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Found 7 results

  1. Good morning,    My current company are searching for 2 new staff, we have a workshop in Höhenbrunn (wächterhof s Bahn).    The first position is a machine helper, this will involve changing the parts on various machines and making corrections. Also removing sharp edges from workpieces and other general labor jobs. It requires no experience but it would be helpful to have an eye for detail and an interest in machines.    The second position is for a CNC turner, we require a skilled work with a background in turning, ideally minimum 2 year experience working with lathes, however for the right candidate in both Postions a trial day will be provided so that you can demonstrate your skills.    German and or English speakers only please     Both jobs require shift work, no compulsory weekend work, good rate of pay and a comfortable working environment.    Please contact me by private message or email at    Georgehemming4@gmail.com    I look forward to hearing from you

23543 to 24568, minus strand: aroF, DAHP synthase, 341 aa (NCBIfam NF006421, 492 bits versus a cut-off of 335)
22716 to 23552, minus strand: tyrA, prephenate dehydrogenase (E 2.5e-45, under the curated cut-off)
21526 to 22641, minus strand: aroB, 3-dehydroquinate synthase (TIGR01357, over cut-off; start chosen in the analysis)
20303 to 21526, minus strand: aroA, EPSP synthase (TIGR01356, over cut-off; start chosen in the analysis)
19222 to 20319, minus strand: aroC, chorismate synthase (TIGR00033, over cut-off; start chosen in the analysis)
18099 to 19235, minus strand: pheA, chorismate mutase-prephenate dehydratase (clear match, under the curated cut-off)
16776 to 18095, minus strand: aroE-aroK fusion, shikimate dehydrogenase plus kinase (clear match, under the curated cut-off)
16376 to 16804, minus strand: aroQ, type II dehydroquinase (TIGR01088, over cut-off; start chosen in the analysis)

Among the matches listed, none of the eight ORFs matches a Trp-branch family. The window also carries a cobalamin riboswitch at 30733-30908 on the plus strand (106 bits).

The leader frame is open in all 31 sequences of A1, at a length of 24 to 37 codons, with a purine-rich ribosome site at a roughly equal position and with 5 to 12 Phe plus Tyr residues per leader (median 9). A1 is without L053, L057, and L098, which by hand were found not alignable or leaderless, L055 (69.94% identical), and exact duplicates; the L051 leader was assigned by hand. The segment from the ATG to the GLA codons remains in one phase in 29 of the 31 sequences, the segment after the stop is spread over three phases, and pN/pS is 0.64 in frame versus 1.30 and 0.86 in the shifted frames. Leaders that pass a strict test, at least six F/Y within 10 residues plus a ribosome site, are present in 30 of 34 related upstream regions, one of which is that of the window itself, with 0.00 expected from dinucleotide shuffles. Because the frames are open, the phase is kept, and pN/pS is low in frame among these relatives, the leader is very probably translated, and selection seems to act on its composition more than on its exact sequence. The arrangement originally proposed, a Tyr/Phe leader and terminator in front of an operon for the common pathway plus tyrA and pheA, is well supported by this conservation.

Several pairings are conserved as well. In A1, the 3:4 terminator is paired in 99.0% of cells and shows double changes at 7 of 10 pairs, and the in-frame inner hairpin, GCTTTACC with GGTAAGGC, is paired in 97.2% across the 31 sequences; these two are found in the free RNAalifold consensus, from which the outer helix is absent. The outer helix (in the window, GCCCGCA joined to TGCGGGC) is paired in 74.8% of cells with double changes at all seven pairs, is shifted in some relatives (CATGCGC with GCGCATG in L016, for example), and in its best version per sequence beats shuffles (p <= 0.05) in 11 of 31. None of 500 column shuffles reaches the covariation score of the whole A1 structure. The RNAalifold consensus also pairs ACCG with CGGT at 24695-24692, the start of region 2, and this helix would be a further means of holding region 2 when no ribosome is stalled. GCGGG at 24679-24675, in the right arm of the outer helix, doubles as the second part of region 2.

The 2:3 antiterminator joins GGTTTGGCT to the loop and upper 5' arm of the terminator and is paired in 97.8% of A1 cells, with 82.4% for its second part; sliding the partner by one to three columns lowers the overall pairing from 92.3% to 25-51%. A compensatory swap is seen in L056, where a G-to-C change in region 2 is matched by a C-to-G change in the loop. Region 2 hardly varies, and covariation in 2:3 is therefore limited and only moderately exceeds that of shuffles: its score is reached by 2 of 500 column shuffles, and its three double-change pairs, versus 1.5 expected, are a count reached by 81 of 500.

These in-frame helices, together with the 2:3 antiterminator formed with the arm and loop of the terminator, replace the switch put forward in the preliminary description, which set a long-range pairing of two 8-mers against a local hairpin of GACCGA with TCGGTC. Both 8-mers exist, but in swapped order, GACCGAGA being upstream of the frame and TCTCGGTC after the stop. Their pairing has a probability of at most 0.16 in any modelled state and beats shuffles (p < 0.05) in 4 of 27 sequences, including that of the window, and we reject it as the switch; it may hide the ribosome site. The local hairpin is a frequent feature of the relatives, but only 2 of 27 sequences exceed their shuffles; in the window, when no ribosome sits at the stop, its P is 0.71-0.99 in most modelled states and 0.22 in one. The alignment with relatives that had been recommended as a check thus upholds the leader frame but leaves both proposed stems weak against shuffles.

2. So today i have caused minor damage to a colleagues car while working a fork lift. Usually there would be no problem and insurance would cover the damage but i was asked to drive a forklift even tho i have no license for one. I have of course informed my company on this fact and they said it was no problem and since we are short handed someone needs to fill in. I was hesitant but i agreed (i understand that i should have said no). But my problem now is they are talking about me covering the damage for the accident that happened on the company grounds, with the company equipment, after i was asked to do the job and they being informed several times i had no license.  Who is responsible for covering the damage and do i have any legal recourse to refuse to pay?